The April 3 edition of the Sunday Times Magazine covered a subject that is near and dear to my heart: pronouns.
I am particularly sensitive to this hot issue because I happen to be married to a pronounally-impaired person. Some minor short circuit in my wife Barbara’s brain has prevented her from grasping the finer points of pronoun use, particularly the part about first mentioning who you are talking about before replacing their name with a pronoun.
NOTICE: If you’re about to correct my use of the word “their” in the previous sentence, you’re about to discover that a) you’re wrong and, b) like me, you’re an asshole.
I’ve told Barbara repeatedly that she cannot begin a conversation with a line like, “He is such an idiot” if she has not previously told me who “he” is. Barbara believes it is sufficient if this prior reference has occurred within the past several days. I maintain, as I think most sane people would, that I cannot be expected to know who the hell she is talking about if the “he” she is referring to is somebody she mentioned in passing yesterday. This, however, does not stop Barb from being annoyed at my ignorance, and she then probably calls her sister to complain, at which point the idiot “he” will become me.
Anyway, getting back to the Sunday Times Magazine article, which did not mention Barbara or her affliction at all, it was about the need for a singular pronoun that is not gender-specific. I first addressed our language’s critical shortcoming back in 2013, in a post wherein I proclaimed my displeasure at having to constantly write “he or she” or “him or her” or “his or hers” when discussing a person of unknown gender. (“Somebody left his or her jacket here; I’ll return it to him or her when he or she comes back.”)
As I quickly discovered, the need for a gender-neutral pronoun transcends those occasions when I don’t know the person’s sex; it’s also important for those in the bigender, trigender, pangender, nongendered, agender, other-gendered, gender-fluid, and genderqueer community, which is just around the corner from Gay Street in Greenwich Village.
Just kidding! Don’t get all rainbowy on me.*
The point of the Sunday Times Magazine article is that, instead of creating a new singular gender-neutral pronoun, we, as a (barely) English-speaking society have defaulted to “they:”
The Washington Post is one of the first to have taken up the cause, welcoming the singular “they” into the paper’s stylebook late last year. And in January, the American Dialect Society voted the singular “they” its 2015 Word of the Year, noting its “emerging use as a pronoun to refer to a known person, often as a conscious choice by a person rejecting the traditional gender binary of he and she.”
Well, first, allow me to congratulate the singular “they” for winning the Word of the Year election, beating out such hopefuls as “a,” “the” and “sexting.” I’m sure it will soon appear on the cover of American Dialect Society Magazine, but not, obviously, on the swimsuit edition.
So not only is “they” now acceptable as a replacement for “he or she” when the gender is not known by the writer, its use is also okay when the subject may not be entirely sure.
But, according to the article, the LGBT community (turn right at Palo Alto) is not entirely on board with “they.”
It’s precisely the vagueness of “they” that makes it a not-so-ideal pronoun replacement. It can obscure a clear gender identification with a blurred one. Think of genderqueer people who are confident in their knowledge of their own gender identity as one that simply doesn’t fit the boxes of “he” or “she”: Calling all of them “they” can make it sound as if someone’s gender is unknowable; it’s the grammatical equivalent of a shrug.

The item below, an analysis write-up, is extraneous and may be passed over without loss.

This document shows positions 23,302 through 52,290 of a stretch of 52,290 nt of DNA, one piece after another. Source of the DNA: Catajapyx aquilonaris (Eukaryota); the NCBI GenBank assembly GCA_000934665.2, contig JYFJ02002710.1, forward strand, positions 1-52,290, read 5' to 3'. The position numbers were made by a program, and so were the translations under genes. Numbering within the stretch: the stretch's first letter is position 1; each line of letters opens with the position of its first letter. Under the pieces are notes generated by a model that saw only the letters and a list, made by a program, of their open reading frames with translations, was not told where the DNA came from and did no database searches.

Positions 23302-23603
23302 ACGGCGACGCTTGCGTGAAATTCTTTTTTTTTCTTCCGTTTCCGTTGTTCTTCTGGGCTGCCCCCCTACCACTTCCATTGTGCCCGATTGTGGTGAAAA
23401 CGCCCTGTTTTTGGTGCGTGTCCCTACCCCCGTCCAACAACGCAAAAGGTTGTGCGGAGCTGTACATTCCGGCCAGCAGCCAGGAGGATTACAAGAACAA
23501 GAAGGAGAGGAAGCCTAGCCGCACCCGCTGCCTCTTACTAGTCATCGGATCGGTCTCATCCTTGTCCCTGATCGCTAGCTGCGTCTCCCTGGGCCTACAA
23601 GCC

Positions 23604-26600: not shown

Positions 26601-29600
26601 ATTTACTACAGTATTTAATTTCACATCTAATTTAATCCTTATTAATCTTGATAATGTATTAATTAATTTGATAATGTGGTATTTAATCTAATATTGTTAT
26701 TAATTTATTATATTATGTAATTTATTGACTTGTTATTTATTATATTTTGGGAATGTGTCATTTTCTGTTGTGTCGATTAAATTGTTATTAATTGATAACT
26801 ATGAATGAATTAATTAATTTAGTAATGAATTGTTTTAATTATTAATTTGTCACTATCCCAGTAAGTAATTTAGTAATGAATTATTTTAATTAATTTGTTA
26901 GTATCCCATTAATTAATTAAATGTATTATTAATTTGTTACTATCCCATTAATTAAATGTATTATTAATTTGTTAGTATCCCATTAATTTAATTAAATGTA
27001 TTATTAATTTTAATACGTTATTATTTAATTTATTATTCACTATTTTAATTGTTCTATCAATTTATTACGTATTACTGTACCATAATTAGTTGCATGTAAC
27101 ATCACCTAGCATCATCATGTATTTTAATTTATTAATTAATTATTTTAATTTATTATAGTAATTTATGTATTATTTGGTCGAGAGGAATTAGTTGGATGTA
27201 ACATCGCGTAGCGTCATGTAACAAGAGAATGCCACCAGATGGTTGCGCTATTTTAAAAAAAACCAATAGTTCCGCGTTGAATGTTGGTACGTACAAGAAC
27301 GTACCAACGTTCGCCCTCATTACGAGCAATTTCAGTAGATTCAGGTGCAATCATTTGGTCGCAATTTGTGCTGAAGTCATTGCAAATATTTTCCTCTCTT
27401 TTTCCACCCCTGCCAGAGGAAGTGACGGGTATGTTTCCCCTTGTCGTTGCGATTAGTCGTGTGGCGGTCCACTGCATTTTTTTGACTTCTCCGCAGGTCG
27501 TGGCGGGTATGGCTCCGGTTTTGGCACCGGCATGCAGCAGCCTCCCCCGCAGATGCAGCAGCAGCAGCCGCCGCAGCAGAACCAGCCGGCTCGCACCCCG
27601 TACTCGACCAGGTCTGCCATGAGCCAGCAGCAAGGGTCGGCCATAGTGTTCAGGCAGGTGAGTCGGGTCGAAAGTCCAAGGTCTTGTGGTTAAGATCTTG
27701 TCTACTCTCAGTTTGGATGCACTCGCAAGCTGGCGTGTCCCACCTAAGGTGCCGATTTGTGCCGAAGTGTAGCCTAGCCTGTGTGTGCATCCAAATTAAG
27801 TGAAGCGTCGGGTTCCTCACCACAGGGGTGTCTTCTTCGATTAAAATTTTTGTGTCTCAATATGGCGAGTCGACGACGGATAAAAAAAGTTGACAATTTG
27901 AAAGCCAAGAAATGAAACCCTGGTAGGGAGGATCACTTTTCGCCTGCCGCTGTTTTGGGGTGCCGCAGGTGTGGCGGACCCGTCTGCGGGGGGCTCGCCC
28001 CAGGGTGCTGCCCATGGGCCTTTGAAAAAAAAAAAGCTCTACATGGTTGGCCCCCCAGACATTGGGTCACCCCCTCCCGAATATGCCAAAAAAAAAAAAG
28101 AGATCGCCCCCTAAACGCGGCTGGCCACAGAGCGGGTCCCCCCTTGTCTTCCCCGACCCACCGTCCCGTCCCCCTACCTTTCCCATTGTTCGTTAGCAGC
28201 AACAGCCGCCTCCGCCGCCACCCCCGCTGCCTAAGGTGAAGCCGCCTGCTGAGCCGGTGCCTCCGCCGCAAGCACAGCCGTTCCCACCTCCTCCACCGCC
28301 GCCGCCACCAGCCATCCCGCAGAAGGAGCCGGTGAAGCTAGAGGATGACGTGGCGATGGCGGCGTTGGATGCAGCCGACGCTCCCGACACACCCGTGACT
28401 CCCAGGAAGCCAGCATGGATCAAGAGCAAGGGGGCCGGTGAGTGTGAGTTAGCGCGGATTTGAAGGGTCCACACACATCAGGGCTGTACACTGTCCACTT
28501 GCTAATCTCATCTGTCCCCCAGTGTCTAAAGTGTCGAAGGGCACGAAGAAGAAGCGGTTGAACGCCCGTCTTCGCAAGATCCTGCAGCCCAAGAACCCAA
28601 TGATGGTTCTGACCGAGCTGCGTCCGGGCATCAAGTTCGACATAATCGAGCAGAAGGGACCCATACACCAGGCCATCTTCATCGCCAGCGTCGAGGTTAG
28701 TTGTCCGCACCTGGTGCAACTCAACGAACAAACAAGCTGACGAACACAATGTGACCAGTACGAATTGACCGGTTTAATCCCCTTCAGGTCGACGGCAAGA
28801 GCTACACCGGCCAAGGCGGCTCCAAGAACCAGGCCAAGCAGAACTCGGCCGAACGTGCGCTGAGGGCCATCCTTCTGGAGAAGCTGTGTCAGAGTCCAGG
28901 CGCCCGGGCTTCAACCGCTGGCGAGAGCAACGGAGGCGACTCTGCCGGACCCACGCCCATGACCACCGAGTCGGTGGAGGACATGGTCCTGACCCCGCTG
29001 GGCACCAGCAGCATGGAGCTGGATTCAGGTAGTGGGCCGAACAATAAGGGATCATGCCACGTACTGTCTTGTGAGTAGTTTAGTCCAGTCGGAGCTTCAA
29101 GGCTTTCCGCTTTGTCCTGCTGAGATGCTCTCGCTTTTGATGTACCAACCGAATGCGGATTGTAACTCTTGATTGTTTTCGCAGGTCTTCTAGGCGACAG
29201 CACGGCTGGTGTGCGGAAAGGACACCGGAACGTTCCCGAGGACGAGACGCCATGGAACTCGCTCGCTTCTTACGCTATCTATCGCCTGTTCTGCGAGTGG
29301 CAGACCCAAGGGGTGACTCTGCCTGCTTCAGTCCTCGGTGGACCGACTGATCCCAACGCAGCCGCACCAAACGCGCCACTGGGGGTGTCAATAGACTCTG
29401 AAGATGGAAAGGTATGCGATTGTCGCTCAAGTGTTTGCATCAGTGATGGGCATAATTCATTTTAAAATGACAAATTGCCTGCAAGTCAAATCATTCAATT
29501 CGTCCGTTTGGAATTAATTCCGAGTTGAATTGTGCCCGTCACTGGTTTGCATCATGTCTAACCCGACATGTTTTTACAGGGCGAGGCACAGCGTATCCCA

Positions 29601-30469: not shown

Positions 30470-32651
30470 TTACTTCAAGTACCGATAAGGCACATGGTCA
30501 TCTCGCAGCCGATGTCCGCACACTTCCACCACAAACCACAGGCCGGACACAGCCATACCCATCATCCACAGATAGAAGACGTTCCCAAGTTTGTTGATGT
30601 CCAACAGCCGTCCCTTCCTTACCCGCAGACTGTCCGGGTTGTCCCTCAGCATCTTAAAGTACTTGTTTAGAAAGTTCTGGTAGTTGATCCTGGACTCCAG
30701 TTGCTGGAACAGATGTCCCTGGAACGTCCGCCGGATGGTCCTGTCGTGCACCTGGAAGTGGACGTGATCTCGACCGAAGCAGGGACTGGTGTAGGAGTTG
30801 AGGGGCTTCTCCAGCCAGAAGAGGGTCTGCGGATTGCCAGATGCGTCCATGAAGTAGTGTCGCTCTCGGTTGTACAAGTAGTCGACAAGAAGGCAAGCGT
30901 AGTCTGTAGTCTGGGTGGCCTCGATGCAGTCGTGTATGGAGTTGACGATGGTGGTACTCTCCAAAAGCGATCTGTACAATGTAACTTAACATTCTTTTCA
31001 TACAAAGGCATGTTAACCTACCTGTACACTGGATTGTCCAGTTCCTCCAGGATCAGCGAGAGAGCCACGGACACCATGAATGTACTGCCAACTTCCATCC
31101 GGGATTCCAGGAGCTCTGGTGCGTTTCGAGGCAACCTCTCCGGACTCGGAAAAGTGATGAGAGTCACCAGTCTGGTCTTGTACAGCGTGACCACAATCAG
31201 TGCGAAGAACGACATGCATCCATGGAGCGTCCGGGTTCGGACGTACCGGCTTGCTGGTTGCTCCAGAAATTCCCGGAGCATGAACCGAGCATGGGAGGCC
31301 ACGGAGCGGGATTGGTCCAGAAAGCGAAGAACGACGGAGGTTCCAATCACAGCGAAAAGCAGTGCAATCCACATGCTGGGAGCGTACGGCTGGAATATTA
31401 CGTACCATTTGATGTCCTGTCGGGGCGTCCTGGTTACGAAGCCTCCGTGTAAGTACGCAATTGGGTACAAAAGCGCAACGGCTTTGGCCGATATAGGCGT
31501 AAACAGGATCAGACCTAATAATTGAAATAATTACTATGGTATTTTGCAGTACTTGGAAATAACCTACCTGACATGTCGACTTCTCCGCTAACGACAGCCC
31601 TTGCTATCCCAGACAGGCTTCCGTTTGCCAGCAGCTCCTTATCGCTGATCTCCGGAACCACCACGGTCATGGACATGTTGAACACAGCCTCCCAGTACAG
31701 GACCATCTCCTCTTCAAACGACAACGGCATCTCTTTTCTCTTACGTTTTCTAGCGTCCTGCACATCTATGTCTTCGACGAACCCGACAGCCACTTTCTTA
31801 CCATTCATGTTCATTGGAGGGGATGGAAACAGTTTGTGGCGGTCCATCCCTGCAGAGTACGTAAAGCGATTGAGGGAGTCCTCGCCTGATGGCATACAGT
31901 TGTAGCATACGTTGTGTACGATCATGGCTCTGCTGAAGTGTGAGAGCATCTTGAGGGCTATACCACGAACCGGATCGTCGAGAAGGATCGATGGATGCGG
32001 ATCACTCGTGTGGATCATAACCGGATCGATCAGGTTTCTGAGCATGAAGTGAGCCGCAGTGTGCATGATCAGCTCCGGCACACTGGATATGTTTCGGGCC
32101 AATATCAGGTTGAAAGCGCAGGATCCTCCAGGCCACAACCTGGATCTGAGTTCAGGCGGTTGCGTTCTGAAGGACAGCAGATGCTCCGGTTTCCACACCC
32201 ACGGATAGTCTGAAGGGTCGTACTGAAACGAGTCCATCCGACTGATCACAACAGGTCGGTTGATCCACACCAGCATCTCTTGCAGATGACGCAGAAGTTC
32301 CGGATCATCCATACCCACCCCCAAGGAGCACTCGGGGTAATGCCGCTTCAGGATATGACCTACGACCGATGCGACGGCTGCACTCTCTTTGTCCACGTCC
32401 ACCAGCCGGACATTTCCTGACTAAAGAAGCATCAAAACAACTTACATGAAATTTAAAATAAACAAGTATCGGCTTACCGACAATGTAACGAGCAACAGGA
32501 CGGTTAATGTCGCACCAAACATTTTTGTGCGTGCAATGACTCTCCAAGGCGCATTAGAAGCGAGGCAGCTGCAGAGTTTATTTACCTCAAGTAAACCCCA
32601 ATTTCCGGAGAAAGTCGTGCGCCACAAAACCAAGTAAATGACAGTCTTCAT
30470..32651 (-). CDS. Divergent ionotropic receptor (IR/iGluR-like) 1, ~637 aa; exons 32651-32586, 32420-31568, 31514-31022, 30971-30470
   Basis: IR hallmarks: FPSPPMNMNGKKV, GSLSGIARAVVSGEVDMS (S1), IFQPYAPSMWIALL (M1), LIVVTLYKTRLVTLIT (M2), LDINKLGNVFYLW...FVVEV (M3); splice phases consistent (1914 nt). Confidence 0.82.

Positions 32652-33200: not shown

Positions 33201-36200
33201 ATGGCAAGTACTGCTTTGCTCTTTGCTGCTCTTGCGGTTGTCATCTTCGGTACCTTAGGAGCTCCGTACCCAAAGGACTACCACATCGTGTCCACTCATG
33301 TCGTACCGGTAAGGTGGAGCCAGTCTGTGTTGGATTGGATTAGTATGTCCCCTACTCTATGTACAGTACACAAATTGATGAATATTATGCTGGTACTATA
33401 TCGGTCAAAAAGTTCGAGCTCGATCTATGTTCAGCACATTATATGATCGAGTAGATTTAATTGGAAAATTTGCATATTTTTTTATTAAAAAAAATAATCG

There are two things going on here. First is the need for gender-neutrality when we’re talking about one person of unknown gender. Second, we have the desire for gender-neutrality among a certain segment of the population who wish not to be identified by gender.
So let me take those on separately. “They” sort of works in the first instance. Yes, I cringe a little at “They left their jacket here,” but it’s preferable to a paragraph full of “his or hers.”
And I agree that “they” does not work for the second problem, but not for the reasons stated above. Saying “Ken left their jacket here” is just weird, no matter what gender Ken identifies as. If Ken tells me he identifies as a woman, I will tell her that I’m fine using “she” and then ask why she hasn’t changed her name to Kendra.
But Ken has to let me know. It’s almost like he has to have a label sewn into his jacket saying “Property of Ken, born male but not identifying as either traditional binary gender so, if a pronoun is used to refer to me, please use ‘xe,’ ‘xim,’ and ‘xir.’”
In most instances, though, the person who is writing about Ken will not have that information. Which means that we’d have to start referring to everybody neutrally, which actually would solve a lot of problems if we can come up with the right word. If Ken were a basset hound, we could say that “Ken left its jacket here.” But, although I don’t know Ken well, I’m guessing they might find that offensive.
And one more thing, Ken: you’ve got an ugly jacket.
In other grammar news, a study at the University of Michigan has concluded that people who are bothered by, and who habitually correct, grammatical errors tend to be introverted, disagreeable, and neurotic.
As my wife will gladly tell you, that describes me perfectly. But even though I get a little crazy about her aforementioned pronoun problem and the fact that she cannot distinguish between “your” and “you’re,” they love me anyway.
See you soon.
*I really am kidding here, folks. And the street corner pictured is real; there actually is a Gay Street in Greenwich Village. I know because I used to live in a building on the corner depicted in the photo. It was, by the way, a very nice community.